Rain Perry wades into the fraught topic of the day on her upcoming release A White Album, due out April 15th, in which she asks, with clarity, empathy and a little wry humor: what does it mean to be white? What can we learn if we face our demons head on? Can we get past the defensiveness and shame and build a more just and empathetic America?
A White Album is the Ojai, CA-based musician’s fifth collaboration with Mark Hallman, who serves as producer and player of most of the instruments, at the Congress House in Austin, TX. Featuring guest appearances by Ben Lee, Akina Adderley, BettySoo and Wilco’s Mikael Jorgensen, Rain takes a fresh look at her own family history through the lens of race in seven original songs and two covers.
Perry has collaborated with an impressive array of artists throughout her career including Perla Batalla, Julie Christensen, Matt the Electrician, Eliza Gilkyson, Jon Dee Graham, Danny B. Harvey, Sara Hickman, Chuck Prophet and Victoria Williams.
Today Glide is premiering “The Money,” one of the standout tracks on the new album. With some serious Suzanne Vega vibes, Perry gives us a direct vocal delivery accompanied by a cool beat and synths. Lyrically, the song finds Perry turning her lens on the racist practice of redlining, offering a simple yet critical analysis. This contrasts with the songs infectious pop sound, making for a compelling listen.
Perry shares the story behind how the song came about:
Two things inspired “The Money.” A teacher friend in Oakland explained to me about redlining, which was a policy of enforced segregation of neighborhoods by the Federal Housing Administration in the post WWII era. I had no idea. I thought that only happened in the Jim Crow South. I knew about restrictive covenants – the paragraph in the deeds of many homes that says, “only white people can ever buy this house, forever.” Those were outlawed years ago. But until she laid it out to me, I didn’t understand how redlining shut non-white families out of wealth for generations, in a way that’s very difficult to ever overcome.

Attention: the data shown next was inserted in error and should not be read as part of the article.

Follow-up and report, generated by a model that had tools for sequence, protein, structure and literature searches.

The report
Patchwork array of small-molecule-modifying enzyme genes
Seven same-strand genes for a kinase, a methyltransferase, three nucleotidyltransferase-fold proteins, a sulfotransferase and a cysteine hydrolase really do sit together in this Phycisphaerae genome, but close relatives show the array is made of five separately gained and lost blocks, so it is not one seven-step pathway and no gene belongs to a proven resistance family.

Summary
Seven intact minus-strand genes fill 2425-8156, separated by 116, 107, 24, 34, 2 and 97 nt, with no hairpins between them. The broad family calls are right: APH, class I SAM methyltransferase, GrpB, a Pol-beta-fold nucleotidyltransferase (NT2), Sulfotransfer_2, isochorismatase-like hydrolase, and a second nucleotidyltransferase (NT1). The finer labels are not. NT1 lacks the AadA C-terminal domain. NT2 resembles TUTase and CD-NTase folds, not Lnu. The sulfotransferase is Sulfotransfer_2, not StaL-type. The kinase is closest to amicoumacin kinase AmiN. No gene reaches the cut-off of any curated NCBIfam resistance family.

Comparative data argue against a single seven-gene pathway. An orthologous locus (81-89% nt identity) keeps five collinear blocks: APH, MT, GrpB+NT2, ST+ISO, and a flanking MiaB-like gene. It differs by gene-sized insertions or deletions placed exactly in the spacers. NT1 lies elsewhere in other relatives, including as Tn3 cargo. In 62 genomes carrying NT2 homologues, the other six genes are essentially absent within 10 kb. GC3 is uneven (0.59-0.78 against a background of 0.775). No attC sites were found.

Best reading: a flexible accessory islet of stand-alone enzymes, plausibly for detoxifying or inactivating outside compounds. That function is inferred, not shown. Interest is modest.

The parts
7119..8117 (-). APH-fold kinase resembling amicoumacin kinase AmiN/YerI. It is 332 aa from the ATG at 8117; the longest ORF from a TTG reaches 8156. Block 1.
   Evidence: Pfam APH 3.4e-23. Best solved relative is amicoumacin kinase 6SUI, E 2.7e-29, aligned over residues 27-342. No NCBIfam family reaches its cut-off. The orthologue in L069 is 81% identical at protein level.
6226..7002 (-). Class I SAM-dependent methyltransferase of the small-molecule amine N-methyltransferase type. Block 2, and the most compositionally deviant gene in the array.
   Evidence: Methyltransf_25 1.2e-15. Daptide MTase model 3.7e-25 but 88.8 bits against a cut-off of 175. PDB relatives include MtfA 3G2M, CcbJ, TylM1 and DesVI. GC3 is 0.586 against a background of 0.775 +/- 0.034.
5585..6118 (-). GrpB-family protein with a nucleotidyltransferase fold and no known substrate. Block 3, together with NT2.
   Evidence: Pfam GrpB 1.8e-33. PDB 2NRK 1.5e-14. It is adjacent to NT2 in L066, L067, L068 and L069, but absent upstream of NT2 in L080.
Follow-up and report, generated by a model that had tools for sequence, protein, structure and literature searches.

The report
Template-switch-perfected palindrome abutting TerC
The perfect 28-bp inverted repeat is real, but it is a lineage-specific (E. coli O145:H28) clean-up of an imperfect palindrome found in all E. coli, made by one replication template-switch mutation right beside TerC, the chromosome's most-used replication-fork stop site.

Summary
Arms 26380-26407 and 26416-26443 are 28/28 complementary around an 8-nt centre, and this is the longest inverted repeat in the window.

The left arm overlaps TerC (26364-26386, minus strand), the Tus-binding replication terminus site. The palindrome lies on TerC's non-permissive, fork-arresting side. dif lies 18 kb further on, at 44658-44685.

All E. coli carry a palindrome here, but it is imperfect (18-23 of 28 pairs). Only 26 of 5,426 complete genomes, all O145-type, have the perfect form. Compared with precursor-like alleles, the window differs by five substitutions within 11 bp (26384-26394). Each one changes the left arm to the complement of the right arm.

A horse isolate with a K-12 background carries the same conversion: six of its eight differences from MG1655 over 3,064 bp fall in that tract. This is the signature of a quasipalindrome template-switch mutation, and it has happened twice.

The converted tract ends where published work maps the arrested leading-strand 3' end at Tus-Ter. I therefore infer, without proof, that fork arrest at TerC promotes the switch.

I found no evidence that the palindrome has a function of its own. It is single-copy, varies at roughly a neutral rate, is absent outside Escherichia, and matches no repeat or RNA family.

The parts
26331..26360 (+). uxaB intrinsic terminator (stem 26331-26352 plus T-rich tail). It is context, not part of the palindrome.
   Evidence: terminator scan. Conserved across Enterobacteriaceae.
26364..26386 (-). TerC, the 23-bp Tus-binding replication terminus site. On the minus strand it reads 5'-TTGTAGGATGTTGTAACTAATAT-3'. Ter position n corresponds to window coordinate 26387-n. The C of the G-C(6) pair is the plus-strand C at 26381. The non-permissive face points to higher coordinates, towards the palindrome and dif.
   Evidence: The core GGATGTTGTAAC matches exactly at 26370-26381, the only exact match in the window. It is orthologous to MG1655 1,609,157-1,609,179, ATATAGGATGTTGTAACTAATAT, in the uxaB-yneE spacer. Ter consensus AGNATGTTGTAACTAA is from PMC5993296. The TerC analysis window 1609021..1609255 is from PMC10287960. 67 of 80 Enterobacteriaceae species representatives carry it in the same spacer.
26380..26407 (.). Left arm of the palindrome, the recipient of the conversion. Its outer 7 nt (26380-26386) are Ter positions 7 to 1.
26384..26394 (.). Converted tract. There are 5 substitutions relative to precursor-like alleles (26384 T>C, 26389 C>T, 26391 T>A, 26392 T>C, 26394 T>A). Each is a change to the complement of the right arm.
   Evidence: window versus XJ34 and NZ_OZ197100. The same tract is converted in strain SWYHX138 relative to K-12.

So when I was working on this album, I found myself attempting to write a song on the topic and weirdly ended up with a snappy little ditty with three vocal parts (that I now see was definitely inspired by “Silly Love Songs”).
Also, I’m a huge fan of Finding Your Roots on PBS. Few white people in America can go very far up their family trees without encountering something grim in our national history, whether it’s that our direct ancestors enslaved people, or settled land that was cleared by genocide, or simply benefitted financially from a racial hierarchy.
It’s hard to look at this stuff, but I am an optimist. I believe we white people are capable of taking a clear-eyed look at our country’s fraught past and present, and I think we have to if we are ever to move forward as a nation. So A White Album is my attempt to give it a try.
Photo credit: Timothy Teague